So far, so good. However, in this age of social media, any prospective teacher who follows up #teachersmake on Twitter for example will find criticism that may just invalidate the campaign. To my mind, while there's probably been too much made of the throwaway final line that 'great teachers can make £65k per year' - it doesn't take too much research to realise that this is an exceptional and unlikely amount for a classroom teacher, and the focus will be much more on starting salaries - there's a huge amount of justified criticism that the ads gloss over many of the issues facing teachers today, from a high workload and lack of guaranteed pay increases to constant scrutiny by OFSTED and senior management.
So, what went wrong? In my opinion the problem is the same as that of many school recruitment ads, focusing too much on the organisational output (happy, well educated students) and not enough on the teachers' own job satisfaction. As I've said before, schools won't attract the best teachers by highlighting their own OFSTED grades or their high (for which many read excessive) expectations of outstanding, hardworking and passionate teachers.
Adverts need to focus on what schools (and the wider profession) can offer teachers - support through the challenging first year or two, the opportunity for ongoing professional development to be an expert in your subject, the chance to develop a career that may span 40 years and cover pastoral, academic and school leadership roles, the satisfaction of a highly respected role in society, and yes, of course, the massive difference you make to children's lives. Perhaps also the chance to spend time outside of the classroom on industrial placements, academic sabbaticals or civil service secondments, creating educational policy? Or a wide range of overseas exchanges and the chance to influence school development in the developing world?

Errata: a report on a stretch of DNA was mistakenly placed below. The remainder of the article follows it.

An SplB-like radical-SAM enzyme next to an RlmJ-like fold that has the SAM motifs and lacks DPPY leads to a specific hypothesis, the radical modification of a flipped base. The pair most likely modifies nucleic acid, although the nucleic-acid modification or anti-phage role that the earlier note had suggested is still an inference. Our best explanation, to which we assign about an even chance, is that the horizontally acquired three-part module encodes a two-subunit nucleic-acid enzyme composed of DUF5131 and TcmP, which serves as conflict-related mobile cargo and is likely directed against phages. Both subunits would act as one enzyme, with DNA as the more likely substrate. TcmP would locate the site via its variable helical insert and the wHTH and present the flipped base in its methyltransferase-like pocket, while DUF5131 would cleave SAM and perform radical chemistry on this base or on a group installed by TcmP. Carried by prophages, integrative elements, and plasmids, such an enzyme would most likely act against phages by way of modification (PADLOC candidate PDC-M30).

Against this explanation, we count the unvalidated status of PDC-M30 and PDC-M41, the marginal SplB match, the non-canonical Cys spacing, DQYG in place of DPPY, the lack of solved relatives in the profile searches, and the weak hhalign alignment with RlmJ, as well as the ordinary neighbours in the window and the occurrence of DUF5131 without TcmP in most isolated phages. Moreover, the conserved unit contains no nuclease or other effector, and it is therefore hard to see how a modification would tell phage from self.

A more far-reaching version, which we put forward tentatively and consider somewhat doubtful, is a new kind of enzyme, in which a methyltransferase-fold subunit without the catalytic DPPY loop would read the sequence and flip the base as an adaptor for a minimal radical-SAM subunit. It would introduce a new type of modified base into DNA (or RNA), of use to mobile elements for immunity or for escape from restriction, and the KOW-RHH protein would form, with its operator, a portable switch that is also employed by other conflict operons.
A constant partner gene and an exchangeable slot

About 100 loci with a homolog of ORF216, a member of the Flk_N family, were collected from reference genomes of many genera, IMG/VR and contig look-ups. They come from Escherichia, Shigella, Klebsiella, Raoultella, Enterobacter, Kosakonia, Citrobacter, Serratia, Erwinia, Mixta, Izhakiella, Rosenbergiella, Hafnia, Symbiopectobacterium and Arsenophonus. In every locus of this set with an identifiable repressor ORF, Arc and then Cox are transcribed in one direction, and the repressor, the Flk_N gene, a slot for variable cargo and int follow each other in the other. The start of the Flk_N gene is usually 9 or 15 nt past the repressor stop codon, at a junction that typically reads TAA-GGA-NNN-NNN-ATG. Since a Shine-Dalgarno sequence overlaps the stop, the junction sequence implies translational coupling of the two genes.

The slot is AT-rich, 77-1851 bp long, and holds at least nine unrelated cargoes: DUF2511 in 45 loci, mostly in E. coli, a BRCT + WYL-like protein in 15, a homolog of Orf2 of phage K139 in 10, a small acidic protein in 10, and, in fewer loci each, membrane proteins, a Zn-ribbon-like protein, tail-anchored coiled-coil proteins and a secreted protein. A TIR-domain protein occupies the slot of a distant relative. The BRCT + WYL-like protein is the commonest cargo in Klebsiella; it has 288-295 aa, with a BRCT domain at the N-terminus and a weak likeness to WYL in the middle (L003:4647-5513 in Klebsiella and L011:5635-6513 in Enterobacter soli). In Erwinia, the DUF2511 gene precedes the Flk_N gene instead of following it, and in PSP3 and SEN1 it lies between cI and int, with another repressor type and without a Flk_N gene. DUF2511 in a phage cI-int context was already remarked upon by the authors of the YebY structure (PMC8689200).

But, you say, teaching in England doesn't offer these? Well there, perhaps, is the problem. If we don't listen and reimagine teaching careers in the way other countries do (the examples above are taken from Australia, South Korea, China, Finland, Singapore and Israel by the way), we will never find the people we need. A good reputation as an employer comes from considering 'what we do' as a profession as well as 'what we say'.
However, rather than end on a negative note, here are two suggestions to help in the short term while we hopefully work to 'fix' teaching. The first is to find genuine case studies of people who've had great, long, succesful careers in great schools (I'd personally start by talking to John Dexter and Tom Sherrington) and share them alongside the campaign. The second is to make prospective teachers watch American teacher Tayor Mali's answer to 'What Do Teachers Make?' - the reasons we all go to work every day.